Three blinded veterans from the Columbus Chapter of the Georgia Regional Group joined 85 other supposedly sane individuals in walking over a bed of coals burning at over 1,000 degrees last August 29. The feat was performed barefoot in front of a crowd numbering some 8,000.
Chapter President Joe McNeil, Deborah Kerr, and Clifford Jones, Jr. all took part in the action.
“This was all an exercise in affirming the idea of mind over matter,” said Joe. “I felt myself move from the grass up to the coals and then back to the grass, but I never felt anything else.”
Orientation for the fire walk took place in a brief session three weeks earlier. It was the only training provided. The walk was part of larger community gathering organized by Country’s Barbecue Restaurant’s Midnight Express Fund to benefit blinded veterans and other visually impaired persons in the Columbus, Georgia, community.
“People can do extraordinary things when acting out of a desire to help others,” said peak performance trainer Scott Goodnight, who led the amazing exhibition and prior orientation session. Goodnight is a former U.S. Army Airborne Ranger who believes that facing and conquering fears allows individuals to experience a “breakthrough” that translates into positive changes in many areas of life and on many levels.
“My main goal for this event is to show people what is possible when you put the needs of others in front of your own,” he said. “The best way to get what you want and need is to help others get what they want and need first.”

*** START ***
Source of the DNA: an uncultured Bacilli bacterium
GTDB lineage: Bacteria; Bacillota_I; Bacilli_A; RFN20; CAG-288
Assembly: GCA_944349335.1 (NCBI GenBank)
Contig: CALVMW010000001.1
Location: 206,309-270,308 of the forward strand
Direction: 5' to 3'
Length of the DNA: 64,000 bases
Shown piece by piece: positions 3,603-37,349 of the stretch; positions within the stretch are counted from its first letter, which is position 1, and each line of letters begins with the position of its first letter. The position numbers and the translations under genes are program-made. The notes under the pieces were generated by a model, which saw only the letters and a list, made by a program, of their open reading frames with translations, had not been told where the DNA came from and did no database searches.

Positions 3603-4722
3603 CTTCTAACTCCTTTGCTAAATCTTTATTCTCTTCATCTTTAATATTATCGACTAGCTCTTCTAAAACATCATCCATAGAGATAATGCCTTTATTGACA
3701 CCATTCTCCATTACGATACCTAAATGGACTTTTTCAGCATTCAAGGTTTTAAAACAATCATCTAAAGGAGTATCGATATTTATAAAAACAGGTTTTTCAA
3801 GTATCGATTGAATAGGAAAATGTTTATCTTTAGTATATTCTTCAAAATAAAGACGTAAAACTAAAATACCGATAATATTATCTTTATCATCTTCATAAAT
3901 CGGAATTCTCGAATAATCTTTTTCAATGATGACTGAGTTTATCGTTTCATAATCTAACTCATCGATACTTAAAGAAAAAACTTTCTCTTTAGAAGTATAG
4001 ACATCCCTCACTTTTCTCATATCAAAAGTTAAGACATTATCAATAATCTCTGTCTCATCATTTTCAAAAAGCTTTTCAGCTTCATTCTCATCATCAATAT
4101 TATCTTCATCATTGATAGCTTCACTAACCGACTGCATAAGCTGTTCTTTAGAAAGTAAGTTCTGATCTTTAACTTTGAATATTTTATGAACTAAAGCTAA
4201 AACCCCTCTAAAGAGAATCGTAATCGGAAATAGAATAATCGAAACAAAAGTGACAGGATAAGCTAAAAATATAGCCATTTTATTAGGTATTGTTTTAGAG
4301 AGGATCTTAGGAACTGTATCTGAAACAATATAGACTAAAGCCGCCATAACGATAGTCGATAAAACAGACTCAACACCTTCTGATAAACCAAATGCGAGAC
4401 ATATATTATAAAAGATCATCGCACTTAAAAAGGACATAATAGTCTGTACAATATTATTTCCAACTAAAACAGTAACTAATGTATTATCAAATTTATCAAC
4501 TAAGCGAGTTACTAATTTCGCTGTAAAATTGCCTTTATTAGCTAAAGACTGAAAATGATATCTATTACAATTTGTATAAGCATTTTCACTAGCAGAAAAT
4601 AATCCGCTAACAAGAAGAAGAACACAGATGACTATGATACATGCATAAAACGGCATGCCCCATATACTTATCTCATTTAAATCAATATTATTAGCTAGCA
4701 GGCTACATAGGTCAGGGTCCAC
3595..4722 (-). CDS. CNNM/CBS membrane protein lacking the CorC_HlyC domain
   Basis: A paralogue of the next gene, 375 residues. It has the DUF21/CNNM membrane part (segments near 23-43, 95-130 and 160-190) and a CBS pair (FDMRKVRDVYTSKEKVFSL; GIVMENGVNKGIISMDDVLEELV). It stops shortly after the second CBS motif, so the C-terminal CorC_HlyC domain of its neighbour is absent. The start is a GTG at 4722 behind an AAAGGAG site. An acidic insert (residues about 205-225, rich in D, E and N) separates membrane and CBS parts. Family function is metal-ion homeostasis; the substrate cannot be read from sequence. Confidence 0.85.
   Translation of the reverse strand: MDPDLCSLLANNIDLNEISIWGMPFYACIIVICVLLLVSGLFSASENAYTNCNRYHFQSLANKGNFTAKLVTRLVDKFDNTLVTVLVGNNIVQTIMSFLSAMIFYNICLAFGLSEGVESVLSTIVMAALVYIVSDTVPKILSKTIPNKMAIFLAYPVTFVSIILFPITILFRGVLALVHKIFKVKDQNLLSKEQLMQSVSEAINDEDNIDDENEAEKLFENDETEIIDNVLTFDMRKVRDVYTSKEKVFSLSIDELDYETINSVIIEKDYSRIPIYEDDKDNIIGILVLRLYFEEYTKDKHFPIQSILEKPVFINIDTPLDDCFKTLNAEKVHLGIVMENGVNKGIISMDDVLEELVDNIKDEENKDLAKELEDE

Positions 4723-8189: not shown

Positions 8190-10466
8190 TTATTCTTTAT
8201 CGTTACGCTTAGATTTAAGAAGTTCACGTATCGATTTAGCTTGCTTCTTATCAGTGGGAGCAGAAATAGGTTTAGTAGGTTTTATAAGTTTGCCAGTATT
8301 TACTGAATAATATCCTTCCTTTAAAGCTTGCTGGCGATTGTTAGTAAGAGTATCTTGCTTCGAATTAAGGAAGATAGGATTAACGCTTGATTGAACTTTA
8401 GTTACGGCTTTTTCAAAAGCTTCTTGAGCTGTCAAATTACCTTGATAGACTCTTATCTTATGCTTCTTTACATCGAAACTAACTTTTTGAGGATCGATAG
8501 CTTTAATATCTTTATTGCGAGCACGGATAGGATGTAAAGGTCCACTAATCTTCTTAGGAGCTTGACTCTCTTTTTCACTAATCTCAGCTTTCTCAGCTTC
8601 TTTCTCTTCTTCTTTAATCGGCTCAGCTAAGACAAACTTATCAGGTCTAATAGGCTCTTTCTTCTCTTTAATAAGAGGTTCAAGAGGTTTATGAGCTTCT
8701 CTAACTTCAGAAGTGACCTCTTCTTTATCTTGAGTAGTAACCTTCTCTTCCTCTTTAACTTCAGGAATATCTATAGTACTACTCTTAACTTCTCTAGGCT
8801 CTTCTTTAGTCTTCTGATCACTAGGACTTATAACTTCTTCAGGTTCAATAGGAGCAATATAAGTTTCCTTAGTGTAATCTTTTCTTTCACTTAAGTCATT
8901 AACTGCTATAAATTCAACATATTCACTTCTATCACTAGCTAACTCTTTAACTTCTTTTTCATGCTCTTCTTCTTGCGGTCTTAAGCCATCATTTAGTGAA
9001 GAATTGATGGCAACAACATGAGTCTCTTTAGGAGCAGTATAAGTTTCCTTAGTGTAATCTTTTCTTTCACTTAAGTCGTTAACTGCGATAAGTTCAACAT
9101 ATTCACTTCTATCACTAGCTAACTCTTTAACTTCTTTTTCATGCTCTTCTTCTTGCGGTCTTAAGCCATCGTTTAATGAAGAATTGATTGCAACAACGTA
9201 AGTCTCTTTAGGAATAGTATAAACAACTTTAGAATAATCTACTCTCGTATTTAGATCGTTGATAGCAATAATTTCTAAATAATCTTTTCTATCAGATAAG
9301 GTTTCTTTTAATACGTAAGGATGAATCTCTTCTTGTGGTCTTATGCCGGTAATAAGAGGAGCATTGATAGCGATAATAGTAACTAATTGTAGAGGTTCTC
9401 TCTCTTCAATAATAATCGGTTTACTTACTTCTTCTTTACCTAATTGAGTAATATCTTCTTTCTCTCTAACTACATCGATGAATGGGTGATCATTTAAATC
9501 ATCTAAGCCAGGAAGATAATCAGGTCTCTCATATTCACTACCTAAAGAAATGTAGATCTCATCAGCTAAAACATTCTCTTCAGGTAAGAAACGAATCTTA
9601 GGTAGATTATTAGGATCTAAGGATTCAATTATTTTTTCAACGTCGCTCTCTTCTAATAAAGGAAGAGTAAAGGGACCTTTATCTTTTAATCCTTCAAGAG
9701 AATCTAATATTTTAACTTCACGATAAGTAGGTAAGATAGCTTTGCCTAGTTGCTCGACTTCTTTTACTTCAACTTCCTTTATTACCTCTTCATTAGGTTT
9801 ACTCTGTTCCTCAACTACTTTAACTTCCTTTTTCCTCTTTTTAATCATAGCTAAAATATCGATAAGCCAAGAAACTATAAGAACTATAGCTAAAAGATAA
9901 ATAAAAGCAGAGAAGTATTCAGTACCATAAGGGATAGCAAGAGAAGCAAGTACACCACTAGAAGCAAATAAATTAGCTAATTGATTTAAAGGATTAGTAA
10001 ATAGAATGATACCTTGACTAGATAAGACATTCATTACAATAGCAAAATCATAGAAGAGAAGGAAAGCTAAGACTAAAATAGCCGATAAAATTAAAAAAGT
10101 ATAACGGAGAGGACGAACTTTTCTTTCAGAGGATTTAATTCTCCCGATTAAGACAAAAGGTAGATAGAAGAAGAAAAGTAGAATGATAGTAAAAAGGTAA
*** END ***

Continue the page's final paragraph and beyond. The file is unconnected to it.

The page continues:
Another mission of the fire walk was to raise awareness and proceeds for the visually impaired of the Chattahoochee Valley area.
After the 10 p.m. fire walk, Goodnight and a few other select individuals served as running guides for blinded veterans and other visually impaired individuals, including the aforementioned members of the Columbus Chapter, wishing to participate in the 29th annual Midnight Express 5K run, also hosted by Country’s Barbecue.
Goodnight admits to having had some challenging students over the years but that working with blinded veterans has been the most exciting and rewarding experience of all. “What amazes me most is that working with visually impaired people is actually easier than working with people who can see,” he said. “A good part of my training is in helping people realize that their perception is not reality, which those without sight have already understood for years.”
Georgia blinded vets Joe, Deborah, and Clifford certainly validated that claim!
Teams Excel in
Two members of BVA’s New York Regional Group raised nearly $5,000 to fund sight-saving research through their participation in the 5K Long Island, New York, VisionWalk, held October 25.
Tom Bove, a resident of Farmingdale, New York, and Dennis O’Connell of Floral Park, partnered with family members in collecting pledges and preparing for the 10 a.m. Sunday morning walk on the Jones Beach Field 5 Boardwalk in the City of Wantagh.
“For a morning in the fall season, it was really nippy out there, the wind blowing off the ocean as we waited for the event to start,” said Dennis. “Fortunately, once we got on the boardwalk and the sun hit us, we warmed up pretty fast.”
Tom’s team, fittingly named Eye to Eye, consisted of an 11-person walking force. Dennis walked with his daughter Meghan, the two calling their team simply O’Connell. Under the walk’s guidelines, teams could consist of two members up to 2,000.